ABIDJAN (Reuters) - Congo’s government has lifted an order requiring a joint venture of Chinese investors to stop exporting raw copper and cobalt, the mines ministry and the company said on Wednesday.
Democratic Republic of Congo’s mines minister Martin Kabwelulu last month ordered Sicomines, one of the country’s largest copper producers, to only export processed metals because they command higher values on international markets.
Kabwelulu said high-value exports were needed to pay off billions of dollars in infrastructure and mining investments by Sicomines’ majority shareholders Sinohydro Corp [SINOH.UL] and China Railway Group Limited as part of a minerals-for-infrastructure deal first signed in 2007.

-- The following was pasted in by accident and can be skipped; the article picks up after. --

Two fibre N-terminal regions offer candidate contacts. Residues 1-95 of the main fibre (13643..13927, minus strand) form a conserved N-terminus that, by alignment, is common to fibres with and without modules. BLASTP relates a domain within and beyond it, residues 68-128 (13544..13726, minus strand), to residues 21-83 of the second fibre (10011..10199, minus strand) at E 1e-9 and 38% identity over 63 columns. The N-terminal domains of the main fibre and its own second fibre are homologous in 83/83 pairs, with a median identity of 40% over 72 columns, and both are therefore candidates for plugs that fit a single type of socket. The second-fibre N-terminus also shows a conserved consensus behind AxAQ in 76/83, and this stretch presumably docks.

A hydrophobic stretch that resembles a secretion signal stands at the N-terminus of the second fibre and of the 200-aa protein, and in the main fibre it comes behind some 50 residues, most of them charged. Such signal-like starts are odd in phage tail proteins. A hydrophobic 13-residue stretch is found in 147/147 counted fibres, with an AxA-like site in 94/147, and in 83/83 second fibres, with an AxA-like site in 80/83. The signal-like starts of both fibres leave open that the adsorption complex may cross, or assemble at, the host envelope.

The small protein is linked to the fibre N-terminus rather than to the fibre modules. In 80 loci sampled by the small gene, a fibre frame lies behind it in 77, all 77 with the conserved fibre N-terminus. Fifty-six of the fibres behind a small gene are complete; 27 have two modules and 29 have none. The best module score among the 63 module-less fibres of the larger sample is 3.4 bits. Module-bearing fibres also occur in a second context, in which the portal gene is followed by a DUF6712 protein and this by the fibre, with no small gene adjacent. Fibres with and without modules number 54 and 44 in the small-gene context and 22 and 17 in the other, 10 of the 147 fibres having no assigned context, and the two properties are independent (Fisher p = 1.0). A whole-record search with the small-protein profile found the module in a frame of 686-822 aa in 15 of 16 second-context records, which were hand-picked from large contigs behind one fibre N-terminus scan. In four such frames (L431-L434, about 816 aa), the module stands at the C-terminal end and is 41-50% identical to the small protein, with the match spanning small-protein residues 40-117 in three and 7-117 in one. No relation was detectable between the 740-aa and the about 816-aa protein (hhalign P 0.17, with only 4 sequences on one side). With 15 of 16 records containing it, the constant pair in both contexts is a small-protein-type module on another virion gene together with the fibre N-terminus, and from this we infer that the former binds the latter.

Sicomines’ deputy director general Jean Nzenga told Reuters that the measure was lifted on Tuesday, allowing the company to export unprocessed copper and cobalt.
“Everything has returned to normal,” he said.
Kabwelulu’s chief of staff, Valery Mukasa, confirmed that the order had been lifted, but declined to elaborate.
Reports of the measure on Monday pushed copper prices higher because of its potential to reduce global supply.
Sicomines launched operations in November 2015 and almost immediately became one of the top copper producers in Congo, Africa’s top miner of the metal.
Reporting by Aaron Ross; editing by Alexander Smith